Last July we wrote about City Hall’s plans to raise the occupancy tax on second homes in Paris. It took effect in 2017. The non-resident surtax on the taxe d’habitation (occupancy tax) on second homes is up from 20% to 60%.
That may seem like a hefty percentage increase, but it’s a relatively small amount to pay. For a 1 million euro property with a 1,500€ occupancy tax, the new annual tax would come to 2,400€.
Paris City Hall looking to increase occupancy rates
Mayor Anne Hidalgo implemented this increase of the occupancy tax on second homes in Paris. She intends to ease the housing shortage and make rents more affordable for all Parisians. Hidalgo is trying to avoid locals getting priced out of the housing market. Many second homes are investment properties. In Paris, French newspaper Le Figaro reports an estimated 90,000 empty second homes.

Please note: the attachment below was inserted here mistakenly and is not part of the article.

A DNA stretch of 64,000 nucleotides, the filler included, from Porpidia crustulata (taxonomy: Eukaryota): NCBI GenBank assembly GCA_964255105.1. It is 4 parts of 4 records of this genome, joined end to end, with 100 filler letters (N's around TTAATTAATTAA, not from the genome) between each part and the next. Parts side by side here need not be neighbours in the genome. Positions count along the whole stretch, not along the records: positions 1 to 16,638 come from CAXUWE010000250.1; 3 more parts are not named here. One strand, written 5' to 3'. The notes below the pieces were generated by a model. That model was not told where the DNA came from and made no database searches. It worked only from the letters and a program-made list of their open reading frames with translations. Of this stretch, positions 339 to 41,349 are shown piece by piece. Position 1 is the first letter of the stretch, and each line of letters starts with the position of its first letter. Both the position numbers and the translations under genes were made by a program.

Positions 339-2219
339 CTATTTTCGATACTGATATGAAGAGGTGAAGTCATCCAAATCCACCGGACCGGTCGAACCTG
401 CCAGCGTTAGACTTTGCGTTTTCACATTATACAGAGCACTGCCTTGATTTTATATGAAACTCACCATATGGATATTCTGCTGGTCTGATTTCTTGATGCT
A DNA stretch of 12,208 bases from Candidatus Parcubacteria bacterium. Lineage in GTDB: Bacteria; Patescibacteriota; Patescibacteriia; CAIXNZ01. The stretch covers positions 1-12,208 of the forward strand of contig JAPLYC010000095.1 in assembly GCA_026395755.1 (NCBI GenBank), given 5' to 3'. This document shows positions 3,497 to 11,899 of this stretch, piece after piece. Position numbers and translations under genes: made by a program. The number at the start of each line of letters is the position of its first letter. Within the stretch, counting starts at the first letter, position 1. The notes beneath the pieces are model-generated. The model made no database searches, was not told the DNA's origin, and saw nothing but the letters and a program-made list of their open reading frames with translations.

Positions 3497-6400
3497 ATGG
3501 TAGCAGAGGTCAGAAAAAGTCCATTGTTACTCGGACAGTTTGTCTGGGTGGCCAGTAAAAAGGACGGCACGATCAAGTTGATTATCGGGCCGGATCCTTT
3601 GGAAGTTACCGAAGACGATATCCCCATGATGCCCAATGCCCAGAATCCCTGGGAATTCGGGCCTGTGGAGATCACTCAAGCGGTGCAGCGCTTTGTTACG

How does Paris compare to other world capitals?
It’s also important to note that both property tax and occupancy tax in Paris remain incredibly low. This is as compared to that in other capital cities. At a tax rate of 12.8%, Paris is far lower than most other global cities. Sao Paulo is at 31%, London at 20.7% and New York at 19.2%.
Little effect on the Paris real estate market
Despite the relatively minor occupancy tax increase, purchasing property here is as appealing as ever. Many suspect that Brexit may provoke the return of French nationals back to their homeland. The election of Macron and a stable government are also ensuring a strong Paris real estate market.
The UK’s Telegraph reported the number of second homes in Paris up by 43 percent in 15 years. By most projections, it will continue to rise. We at 56 Paris share the opinion that the increase in occupancy tax on second homes in Paris will people back.
If you’re interested in finding your own first or second home in Paris, please contact us at 56Paris Real Estate.